5 Common Pressure Measurement Fails


failed pressure measurementWhen you’re dealing with pressure measurement, you need to get it right the first time. There are a host of dangers waiting in the shadows of incorrect pressure sensor ordering, installation, and application. To help you stay well clear of said dangers, here are 5 common pressure measurement fails:

Chemical Incompatibility

Pressure transmitters are, by necessity, contact sensors. In other words, they have to be in contact with the target media in order to function. Therefore, chemical compatibility is a constant concern.

Carefully consider the sensor’s wetted material. 316L SS is a very common offering (for good reason), but it’s not compatible with everything. Lean on your MSDS and compatibility charts to make sure you’re not setting yourself up for massive failure.

Incorrect Pressure Range

A standard piezoresistive pressure sensor’s accuracy is based on the pressure range. The error band is a percentage of the full scale range (our standard is ±0.25% of full scale). That means you need to match your sensor’s pressure range as closely as possible to what you expect to measure in the real world.

In other words, if you’re measuring up to 100 psi, don’t buy a 10,000 psi sensor.

There are times when ordering a higher pressure range makes sense. Calibrating a high range sensor to a lower measurement range is called down ranging. It’s useful when you’re worried about occasional spikes in pressure above the normal range, or when you want to boost longevity with a thicker transducer.

However, there are reasonable guidelines for down ranging pressure sensors. Remember, the accuracy of the sensor is still dependent on the original full scale range, not the calibrated range. So going with a sensor that’s more than 150% of your expected range starts to really diminish accuracy for most of our customers.

Conversely, some have justified that a 2X overpressure rating means, for example, that a 100 psi transducer can measure a 200 psi range. This is not the case. While it won’t blow the sensor out of its fitting, it will overstress the diaphragm and destroy the calibration. Overpressure and burst specs are safety features meant for abnormal operating conditions.

Too Much Torque

A pressure transducer’s sensing element is a very thin diaphragm with electronics mounted on the back. The diaphragm is susceptible to careless handling and compression during installation. Compression is a result of applying too much torque when installing the sensor.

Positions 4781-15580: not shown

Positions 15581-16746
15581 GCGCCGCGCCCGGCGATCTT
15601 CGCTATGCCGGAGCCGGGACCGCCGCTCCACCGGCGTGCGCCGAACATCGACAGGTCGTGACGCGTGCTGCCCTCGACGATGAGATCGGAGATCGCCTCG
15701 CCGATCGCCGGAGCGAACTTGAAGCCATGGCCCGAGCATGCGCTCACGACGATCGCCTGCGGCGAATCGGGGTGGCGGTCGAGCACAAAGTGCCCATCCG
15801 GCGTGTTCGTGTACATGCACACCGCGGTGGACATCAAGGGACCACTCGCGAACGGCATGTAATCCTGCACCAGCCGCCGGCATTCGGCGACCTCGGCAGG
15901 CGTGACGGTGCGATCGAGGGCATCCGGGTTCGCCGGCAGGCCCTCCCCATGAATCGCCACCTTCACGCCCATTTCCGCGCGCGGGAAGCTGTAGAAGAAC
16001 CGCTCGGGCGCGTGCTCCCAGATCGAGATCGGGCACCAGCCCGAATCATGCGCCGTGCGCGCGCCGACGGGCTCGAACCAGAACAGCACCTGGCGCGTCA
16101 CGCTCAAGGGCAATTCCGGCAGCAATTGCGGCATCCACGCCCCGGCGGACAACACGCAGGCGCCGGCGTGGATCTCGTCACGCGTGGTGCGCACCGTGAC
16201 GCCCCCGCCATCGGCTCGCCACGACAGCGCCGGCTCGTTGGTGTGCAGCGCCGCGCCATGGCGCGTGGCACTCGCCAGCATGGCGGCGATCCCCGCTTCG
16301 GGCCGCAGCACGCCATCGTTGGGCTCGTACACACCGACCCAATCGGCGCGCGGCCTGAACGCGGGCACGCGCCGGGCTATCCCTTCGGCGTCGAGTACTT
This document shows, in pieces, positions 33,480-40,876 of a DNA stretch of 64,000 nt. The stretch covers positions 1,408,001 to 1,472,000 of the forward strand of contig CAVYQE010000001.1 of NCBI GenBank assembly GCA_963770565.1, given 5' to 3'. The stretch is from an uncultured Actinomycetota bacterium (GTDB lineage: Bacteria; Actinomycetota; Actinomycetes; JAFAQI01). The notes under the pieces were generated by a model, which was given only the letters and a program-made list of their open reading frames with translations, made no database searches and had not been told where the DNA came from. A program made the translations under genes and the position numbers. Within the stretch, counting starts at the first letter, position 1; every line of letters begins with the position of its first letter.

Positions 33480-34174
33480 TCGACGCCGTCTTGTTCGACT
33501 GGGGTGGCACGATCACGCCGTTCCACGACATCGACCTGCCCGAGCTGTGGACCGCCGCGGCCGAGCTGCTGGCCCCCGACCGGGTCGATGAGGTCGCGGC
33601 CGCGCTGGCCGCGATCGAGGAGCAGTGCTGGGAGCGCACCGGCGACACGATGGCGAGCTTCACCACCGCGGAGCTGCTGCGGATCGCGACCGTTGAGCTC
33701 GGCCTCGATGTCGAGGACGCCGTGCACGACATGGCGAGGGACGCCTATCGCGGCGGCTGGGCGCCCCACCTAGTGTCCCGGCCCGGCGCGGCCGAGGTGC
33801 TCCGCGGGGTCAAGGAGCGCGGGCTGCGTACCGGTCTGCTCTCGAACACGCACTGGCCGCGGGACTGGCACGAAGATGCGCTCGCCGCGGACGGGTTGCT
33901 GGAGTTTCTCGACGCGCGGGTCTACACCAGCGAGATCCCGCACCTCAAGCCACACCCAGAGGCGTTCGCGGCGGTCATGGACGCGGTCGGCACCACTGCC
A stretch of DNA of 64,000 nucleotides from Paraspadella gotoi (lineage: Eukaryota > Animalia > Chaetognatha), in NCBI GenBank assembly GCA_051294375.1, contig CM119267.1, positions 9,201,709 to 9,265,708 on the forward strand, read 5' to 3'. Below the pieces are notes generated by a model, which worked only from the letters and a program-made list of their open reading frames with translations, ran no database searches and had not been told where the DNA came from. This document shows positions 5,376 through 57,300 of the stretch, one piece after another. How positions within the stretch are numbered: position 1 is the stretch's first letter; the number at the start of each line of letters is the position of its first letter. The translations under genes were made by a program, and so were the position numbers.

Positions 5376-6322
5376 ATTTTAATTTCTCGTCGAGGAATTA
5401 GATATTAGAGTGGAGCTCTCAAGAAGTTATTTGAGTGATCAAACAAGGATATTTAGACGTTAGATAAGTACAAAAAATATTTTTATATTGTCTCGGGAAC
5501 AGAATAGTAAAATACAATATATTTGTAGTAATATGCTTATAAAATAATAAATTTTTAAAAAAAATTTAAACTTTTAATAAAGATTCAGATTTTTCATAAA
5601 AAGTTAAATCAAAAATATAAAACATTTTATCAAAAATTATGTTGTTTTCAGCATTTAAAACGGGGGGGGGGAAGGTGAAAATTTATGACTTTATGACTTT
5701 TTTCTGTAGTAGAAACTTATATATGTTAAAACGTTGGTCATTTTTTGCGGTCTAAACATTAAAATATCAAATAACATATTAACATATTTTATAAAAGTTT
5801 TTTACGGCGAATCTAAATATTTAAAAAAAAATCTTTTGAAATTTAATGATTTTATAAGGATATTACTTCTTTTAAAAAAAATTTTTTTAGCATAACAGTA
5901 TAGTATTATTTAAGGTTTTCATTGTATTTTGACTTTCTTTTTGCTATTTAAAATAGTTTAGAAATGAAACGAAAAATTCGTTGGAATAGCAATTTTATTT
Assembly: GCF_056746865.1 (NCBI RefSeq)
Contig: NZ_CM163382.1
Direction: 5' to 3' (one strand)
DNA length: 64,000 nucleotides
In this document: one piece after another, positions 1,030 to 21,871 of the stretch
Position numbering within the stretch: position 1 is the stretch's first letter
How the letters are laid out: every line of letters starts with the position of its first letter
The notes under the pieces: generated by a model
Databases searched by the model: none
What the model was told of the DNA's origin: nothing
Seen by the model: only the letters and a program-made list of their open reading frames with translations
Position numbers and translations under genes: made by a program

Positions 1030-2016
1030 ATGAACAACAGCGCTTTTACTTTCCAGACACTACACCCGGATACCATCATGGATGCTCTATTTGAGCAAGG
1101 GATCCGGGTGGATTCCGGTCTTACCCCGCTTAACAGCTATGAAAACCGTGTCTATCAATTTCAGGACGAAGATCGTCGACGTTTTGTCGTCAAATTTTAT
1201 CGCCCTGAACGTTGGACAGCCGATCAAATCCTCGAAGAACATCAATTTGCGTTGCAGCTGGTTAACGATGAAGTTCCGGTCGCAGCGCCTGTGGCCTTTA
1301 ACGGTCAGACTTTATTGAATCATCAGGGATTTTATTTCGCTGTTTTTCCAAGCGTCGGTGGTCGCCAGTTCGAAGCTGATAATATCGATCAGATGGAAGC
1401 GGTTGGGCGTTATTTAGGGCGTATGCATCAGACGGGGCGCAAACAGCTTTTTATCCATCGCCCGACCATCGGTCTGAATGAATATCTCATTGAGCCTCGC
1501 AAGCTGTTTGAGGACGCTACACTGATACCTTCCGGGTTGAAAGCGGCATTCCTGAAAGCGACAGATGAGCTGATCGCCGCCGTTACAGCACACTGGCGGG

The electronics on the back of the diaphragm react in a consistent and known way to its minute movements as pressure rises and falls. However, when the diaphragm is compressed from over-tightening the sensor, its shape is changed and it no longer reacts to pressure as expected.

You can imagine how this can drastically alter your pressure measurements. If you’ve tightened your sensor too much – to the point that it affects the diaphragm – it’s time to order a new sensor.

Incorrect Application of Sealed Sensors

A sealed sensor uses a closed chamber as its reference (zero) point, while a vented sensor uses atmospheric pressure. That means that as the pressure in the atmosphere changes with the weather, the closed chamber will expand and contract – much like your eardrums when you’re congested.

This has the effect of moving the zero point around, and messing with your pressure measurement. In high pressure ranges, this all falls within stated error band on the sensor and is therefore unnoticeable.

However, in low pressure applications – especially anything sub 100 psi – a sealed pressure sensor becomes problematic. The changing atmospheric pressure will act on the sealed chamber within the sensor causing unreliable measurements.

Sealed sensors are advantageous for keeping fine particles, like dust, moisture, or chemical sprays (paints, adhesives, etc) out of the electronics of the sensor. If you need this kind of protection in a low pressure application, you’ll need to take steps to normalize for atmospheric pressure.

Too Much Input Voltage

On occasion, we come across someone who has attempted to power the sensor with too high a voltage. This is likely due to what the installation tech/electrician is familiar with at the time. For example:

  • We’ve seen 110V wired to a sensor, which is designed for 24V
  • We’ve also seen AC current applied to a sensor that needs DC
  • Finally, some people have even wired the input voltage to the output wire

All of these scenarios result in a fried sensor and voided warranties. Moral of the story: know the voltage and current limitations of the sensor, and get familiar with the sensor’s wires. Take time to understand what you’re working with and you’ll likely install the sensor successfully without incident.

Contact us to make sure you avoid these common pitfalls. We'll help you navigate the steps to successful pressure measurement.

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top photo credit: darkbuffet via flickr cc

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